Soros and Ritblat bet on UK real estate

Copyright: David Lawson - Property Week 2002


Talking to Jamie Ritblat is hard work. He hasn’t lost that famous garrulous charm, nor an infamous propensity for outrageous honesty. It’s just hard to grab a sliver of his time. Appointments get blown away by other business meetings and when you finally get inside Delancey’s Portman Square headuqarters, there’s always one more phone call to delay the start.

  A strange situation for a young hotshot supposedly winding up his company after being chewed up and spat out by the stock market. But like so many rumours that have filled the vacuum since Delancey was delisted last summer, truth is very different. ‘A load of crap,’ is his favourite response to a string of speculative stories ranging from a full merger with Mapeley, the business services giant, to the fact that he is selling out over three years and moving on to take over his dad’s business, British Land.

  ‘At least the timescale is right,’ he says. But that is only to pay off the £170m borrowed from Royal Bank of Scotland for the management buyout. He would need a dust-up behind the bikesheds with brother Nick for the succession, anyway, but insists it’s not on his agenda. Three times in an hour he repeats his other favourite phrases: ‘I’m not into empire-building. I’m not into ego-building. I just want to make money.’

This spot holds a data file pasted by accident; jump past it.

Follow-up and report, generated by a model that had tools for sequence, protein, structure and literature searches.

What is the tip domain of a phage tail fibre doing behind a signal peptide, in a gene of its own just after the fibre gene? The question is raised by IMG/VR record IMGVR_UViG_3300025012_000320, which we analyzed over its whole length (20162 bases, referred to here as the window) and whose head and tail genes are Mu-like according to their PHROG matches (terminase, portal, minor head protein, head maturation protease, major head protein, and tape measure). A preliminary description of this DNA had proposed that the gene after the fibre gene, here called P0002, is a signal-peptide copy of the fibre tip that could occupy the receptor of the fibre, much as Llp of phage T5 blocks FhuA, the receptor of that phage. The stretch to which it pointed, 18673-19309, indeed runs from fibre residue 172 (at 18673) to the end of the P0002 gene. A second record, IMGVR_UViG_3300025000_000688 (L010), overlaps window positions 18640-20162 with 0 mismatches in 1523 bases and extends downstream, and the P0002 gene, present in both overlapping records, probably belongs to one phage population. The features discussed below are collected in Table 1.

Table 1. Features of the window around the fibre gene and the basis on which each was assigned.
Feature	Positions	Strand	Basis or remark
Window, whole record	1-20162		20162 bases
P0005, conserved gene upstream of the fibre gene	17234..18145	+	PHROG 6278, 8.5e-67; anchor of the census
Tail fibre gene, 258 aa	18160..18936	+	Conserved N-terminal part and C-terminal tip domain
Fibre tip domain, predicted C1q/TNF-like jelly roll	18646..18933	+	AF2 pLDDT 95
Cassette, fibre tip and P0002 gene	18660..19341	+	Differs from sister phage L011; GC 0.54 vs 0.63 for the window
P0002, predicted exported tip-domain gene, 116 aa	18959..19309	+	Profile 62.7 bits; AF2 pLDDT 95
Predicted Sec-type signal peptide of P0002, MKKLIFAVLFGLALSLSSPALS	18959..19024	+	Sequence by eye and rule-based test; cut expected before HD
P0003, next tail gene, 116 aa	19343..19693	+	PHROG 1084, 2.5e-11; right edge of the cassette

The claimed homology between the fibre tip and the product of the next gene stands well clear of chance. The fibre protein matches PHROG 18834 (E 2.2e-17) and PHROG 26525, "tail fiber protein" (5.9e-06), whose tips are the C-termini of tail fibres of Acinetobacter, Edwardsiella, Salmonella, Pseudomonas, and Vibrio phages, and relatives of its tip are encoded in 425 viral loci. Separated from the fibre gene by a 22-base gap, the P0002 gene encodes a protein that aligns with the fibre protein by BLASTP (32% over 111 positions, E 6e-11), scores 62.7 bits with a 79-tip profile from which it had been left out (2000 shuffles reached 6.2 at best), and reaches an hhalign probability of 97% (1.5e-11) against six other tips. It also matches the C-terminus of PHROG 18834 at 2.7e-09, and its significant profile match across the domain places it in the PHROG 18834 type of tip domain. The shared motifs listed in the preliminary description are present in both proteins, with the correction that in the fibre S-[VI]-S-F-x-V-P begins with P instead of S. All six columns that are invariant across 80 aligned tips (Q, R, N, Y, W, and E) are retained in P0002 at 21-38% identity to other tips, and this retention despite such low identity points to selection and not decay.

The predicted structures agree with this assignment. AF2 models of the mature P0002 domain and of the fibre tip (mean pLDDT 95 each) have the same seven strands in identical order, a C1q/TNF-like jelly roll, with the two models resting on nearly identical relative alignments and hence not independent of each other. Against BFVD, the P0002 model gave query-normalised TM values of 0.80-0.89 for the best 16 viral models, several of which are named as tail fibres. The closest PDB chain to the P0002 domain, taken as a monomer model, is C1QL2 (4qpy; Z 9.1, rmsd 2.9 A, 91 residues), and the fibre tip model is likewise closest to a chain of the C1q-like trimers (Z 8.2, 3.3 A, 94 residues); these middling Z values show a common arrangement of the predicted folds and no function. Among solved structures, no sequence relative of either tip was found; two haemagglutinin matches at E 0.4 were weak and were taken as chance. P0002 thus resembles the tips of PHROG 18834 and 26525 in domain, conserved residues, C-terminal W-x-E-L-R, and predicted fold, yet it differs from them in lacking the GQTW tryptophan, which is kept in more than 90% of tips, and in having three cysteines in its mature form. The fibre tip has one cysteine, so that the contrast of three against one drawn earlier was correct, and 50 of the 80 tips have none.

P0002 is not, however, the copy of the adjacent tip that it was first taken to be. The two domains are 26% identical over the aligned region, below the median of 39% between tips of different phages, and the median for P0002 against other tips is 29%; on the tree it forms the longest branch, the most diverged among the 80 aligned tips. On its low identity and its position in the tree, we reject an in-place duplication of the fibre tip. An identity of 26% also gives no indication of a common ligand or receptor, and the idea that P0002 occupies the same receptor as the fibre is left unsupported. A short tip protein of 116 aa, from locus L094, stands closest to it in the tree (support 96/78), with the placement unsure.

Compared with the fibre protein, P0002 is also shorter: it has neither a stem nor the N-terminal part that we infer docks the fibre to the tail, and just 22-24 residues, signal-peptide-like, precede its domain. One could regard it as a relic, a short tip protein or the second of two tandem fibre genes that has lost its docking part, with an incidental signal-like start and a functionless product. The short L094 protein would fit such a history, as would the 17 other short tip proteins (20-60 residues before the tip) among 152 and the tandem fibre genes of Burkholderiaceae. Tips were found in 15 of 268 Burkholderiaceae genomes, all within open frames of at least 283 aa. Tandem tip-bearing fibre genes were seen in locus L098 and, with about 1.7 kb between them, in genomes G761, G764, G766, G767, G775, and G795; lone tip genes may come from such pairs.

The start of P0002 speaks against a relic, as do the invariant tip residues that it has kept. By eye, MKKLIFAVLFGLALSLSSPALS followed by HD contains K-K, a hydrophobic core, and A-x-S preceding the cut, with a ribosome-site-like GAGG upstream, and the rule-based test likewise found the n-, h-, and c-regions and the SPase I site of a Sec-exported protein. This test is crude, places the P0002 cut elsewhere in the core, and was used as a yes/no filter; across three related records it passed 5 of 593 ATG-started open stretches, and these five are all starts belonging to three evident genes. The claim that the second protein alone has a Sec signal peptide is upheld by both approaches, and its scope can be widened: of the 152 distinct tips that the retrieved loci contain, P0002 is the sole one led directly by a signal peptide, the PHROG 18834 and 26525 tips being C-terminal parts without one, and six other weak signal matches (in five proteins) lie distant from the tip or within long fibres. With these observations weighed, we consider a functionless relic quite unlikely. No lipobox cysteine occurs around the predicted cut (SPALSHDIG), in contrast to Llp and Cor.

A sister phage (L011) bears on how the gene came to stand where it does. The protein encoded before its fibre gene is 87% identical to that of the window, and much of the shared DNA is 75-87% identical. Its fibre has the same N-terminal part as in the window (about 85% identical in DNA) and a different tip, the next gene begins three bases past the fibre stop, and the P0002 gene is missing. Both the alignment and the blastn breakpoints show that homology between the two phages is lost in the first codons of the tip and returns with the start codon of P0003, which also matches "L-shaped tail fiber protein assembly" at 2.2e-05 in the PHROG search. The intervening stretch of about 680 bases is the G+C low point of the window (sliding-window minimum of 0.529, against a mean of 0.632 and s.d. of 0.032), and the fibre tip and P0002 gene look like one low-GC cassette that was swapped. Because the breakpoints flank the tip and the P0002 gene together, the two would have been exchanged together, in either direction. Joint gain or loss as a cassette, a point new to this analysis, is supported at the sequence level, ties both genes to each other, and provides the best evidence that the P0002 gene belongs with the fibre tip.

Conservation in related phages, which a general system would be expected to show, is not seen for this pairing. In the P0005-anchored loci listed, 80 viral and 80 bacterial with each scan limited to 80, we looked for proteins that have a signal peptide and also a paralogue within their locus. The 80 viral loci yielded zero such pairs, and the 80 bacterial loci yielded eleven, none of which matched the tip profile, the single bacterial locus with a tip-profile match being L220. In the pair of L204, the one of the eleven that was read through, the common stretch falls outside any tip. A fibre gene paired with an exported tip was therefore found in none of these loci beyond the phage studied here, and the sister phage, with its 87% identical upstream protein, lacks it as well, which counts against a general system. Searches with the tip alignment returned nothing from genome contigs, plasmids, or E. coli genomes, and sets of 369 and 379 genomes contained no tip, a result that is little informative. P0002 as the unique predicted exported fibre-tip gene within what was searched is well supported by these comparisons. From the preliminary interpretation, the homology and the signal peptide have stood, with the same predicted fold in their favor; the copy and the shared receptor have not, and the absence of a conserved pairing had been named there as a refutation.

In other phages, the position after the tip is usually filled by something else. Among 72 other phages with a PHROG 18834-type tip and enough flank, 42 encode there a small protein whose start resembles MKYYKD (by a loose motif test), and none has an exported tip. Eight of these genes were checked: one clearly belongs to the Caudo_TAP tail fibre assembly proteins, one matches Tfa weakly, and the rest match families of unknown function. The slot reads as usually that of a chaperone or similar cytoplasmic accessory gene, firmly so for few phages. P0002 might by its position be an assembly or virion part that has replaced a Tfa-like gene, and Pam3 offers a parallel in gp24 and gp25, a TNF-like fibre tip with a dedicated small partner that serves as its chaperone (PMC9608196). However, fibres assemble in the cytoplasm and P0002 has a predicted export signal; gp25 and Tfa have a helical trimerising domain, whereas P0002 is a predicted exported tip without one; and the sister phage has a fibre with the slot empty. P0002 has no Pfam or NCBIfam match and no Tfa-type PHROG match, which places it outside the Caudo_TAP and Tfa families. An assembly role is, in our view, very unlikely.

Far from selling up, Delancey is going like a train. The company is proposing to redevelop its own headquarters and the next door building at Portman Square to provide 15,200 sq m (163,000 sq ft) of office space and two floors of flats. In Holborn, Rolls and Arnold House on Fetter Lane are scheduled for a 34,500 sq ft (370,000 sq ft) development while  Another 200,000 sq ft is ticking over at York & Beckett House, near Waterloo.

 ‘How can that be winding down?’ he asks.  ‘Gross assets are still around £500m – the same as when we were public.’  Meanwhile the firm has maintained major shareholdings in companies like Centros Miller, with its £650m development program, and Mapeley,  which is planning to expand into mainland Europe.

  The only disposals are what he calls ‘normal portfolio management’. The ICI headquarters in Manchester Square, north of Oxford Street, went for  more than £45m to Close Brothers, as did 1 New Fetter Lane in Holborn for the same price last year.   USS has just paid almost £17m for the Marylebone head office of Colliers CRE, the agency taken over as part of Milner Estates and in which Delancey has kept a share stake after it was floated.

    Further disposals are planned as part of a strategic withdrawl from regional shopping. Delancey once had 15 centres such as The Glasshouse in Glasgow, but Ritblat repeats that he is not trapped in a fire sale. Repayment of the MBO loan is ahead of schedule.

  A similar laid-back approach is evident for other ‘non-core’ schemes like  the 18,580 sq metre (200,000 sq ft) Cardiff Millennium Plaza. Delancey escaped flack when construction partner Brunswick collapsed and is happy with the 80% occupancy. Ritblat will wait until leisure yields harden again before selling.